On the final day of the G-20 summit in Buenos Aires, U.S. President Donald Trump and Chinese President Xi Jinping reached a ceasefire in an ongoing trade war that has been driven by several rounds of escalating tariffs and counter-tariffs. As part of the deal, China pledged to buy an as yet unspecified, but “very substantial,” quantity of U.S. agricultural, industrial, and energy products to narrow the yawning bilateral trade deficit.
Far more importantly, the two sides agreed to open a 90-day negotiating window to address major structural issues in the U.S.-China economic relationship, which, according to the White House, include “forced technology transfer, intellectual property protection, non-tariff barriers, cyber intrusions and cyber theft, services and agriculture.” Markets reacted positively to the news, with the Dow, NASDAQ and S&P all ticking up about 0.8 percent the first trading day after the truce was announced.
Unbeknownst to Trump and Xi as they negotiated over a steak dinner on Saturday night was that Canada, had at the United States’ request, just detained Meng Wanzhou, the chief financial officer (CFO) of Huawei. As China’s leading high technology “national champion,” Huawei is the world’s largest producer of cellular tower and internet equipment, and second largest cell-phone manufacturer.Enjoying this article? Click here to subscribe for full access. Just $5 a month.
Given the sensitive timing, surely Meng must have been arrested due to one of the major problems roiling U.S.-China economic relations — stealing intellectual property, perhaps, or cyber espionage? Actually, no; Meng was detained over Iran, an issue that is largely tangential to the fundamental challenges America confronts vis-à-vis China. She faces extradition to the United States due to suspicion that Huawei has sought to evade U.S. sanctions on Iran. Markets around the world reacted poorly with the S&P down as much as 2.9 percent the day after news of Meng’s detention broke.
I have written previously about how the Trump administration’s maximalist approach to Iran could benefit China. In October, I observed that the European Union’s willingness to develop a special purpose vehicle to work around U.S. sanctions on Iran is an opportunity for Beijing to work with the major European powers “to slowly chip away at a key lever of U.S. power — the dollar’s dominant position in the international financial system.”
Obviously, Meng’s arrest does not benefit China, but it demonstrates how the Trump administration’s obsession with Iran is damaging efforts to accomplish more important strategic and economic goals (e.g. addressing structural issues in the U.S.-China economic relationship). It is ludicrous that critical negotiations with Beijing over issues that impact the overall health of the global economy could potentially be upset by Iran sanctions enforcement. According to the International Monetary Fund, Iran was the world’s 27th largest economy in 2017 with a GDP of $431 billion (between Austria and Thailand). For context’s sake that’s 3.5 percent of the size of the Chinese economy and about 2.2 percent the size of the U.S. economy. The U.S. trade deficit with China alone in 2017 was $375 billion (nearly the size of the entire Iranian economy).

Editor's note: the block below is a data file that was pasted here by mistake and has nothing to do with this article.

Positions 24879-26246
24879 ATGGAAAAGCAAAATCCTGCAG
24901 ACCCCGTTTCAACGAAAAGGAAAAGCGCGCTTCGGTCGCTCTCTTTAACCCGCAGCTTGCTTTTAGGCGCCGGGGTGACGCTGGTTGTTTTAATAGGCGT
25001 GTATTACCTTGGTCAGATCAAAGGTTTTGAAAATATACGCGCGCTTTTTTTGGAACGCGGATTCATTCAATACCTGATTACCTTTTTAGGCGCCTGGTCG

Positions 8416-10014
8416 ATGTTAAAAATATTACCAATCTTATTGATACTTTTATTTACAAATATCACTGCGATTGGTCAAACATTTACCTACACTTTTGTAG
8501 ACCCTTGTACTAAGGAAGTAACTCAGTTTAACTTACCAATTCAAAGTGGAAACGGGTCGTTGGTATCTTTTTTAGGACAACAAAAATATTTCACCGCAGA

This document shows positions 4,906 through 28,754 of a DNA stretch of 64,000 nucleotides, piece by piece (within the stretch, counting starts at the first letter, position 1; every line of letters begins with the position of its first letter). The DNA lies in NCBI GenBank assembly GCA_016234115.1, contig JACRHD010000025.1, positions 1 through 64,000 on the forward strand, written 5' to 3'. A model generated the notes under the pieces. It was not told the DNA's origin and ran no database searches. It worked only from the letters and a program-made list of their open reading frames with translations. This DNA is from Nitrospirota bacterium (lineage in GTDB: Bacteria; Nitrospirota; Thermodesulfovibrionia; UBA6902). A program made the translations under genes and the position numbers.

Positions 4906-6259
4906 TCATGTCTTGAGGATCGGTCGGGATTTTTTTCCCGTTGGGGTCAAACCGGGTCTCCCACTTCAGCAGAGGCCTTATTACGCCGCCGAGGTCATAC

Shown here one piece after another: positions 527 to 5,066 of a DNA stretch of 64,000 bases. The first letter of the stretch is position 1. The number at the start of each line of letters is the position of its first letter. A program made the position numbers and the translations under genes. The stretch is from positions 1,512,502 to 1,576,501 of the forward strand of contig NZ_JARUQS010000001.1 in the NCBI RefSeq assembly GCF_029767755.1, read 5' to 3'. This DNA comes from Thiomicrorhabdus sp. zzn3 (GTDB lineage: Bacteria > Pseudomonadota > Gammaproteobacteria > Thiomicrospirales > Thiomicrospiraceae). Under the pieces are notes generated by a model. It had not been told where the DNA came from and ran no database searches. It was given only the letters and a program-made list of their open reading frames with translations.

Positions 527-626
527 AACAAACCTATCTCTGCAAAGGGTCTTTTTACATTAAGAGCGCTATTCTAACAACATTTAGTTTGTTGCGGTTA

As experts such as Abigail Grace at the Center for New American Security have noted, Department of Justice investigations, including the one leading to Meng’s detention, are decoupled from political considerations, and arrests/extradition requests are made “regardless of the offender’s stature.” In this vein, National Security Advisor John Bolton’s office has taken pains to note that “there was no engagement or involvement in the political level in this decision because we respect the independence of our judicial processes.” While technically this is the case, it is hard not to see the Meng incident as a consequence of Bolton’s (and other key members of Trump’s national security team, such as Secretary of State Mike Pompeo) unhealthy obsession with Iran.
The administration’s Iran myopia has put it in uncomfortable positions, including having to make excuses for Saudi Arabia’s grisly extrajudicial execution of journalist Jamal Khashoggi. It has also driven the Trump administration to prioritize putting pressure on Iran, even if it means risking other assets or policy efforts that are far more critical to America’s geopolitical position or economic well-being. This is the case for the Trump administration’s inclination to ignore objections from European allies and gamble with the dollar’s privileged position as the primary medium of international financial exchange in order to sanction Tehran; and for its willingness to strain relations with key emerging partners that import large quantities of Iranian oil such as India.
Meng’s arrest was not timed to coincide with the Trump-Xi meeting (although the Chinese could be forgiven for thinking otherwise, given the Syria missile strike that coincided with Trump and Xi’s Mar-a-Lago dinner last year). However, given the Trump administration’s overweening focus on Iran, it is hardly surprising that events set in motion by the maximum pressure campaign versus Tehran would pop up at an inopportune moment and threaten to hamstring far more strategically and economically consequential negotiations with Beijing.
John S. Van Oudenaren is Assistant Director at the Center for the National Interest. Previously, he was a program officer at the Asia Society Policy Institute (ASPI) and a research assistant at the National Defense University. The views expressed in this article are solely his own.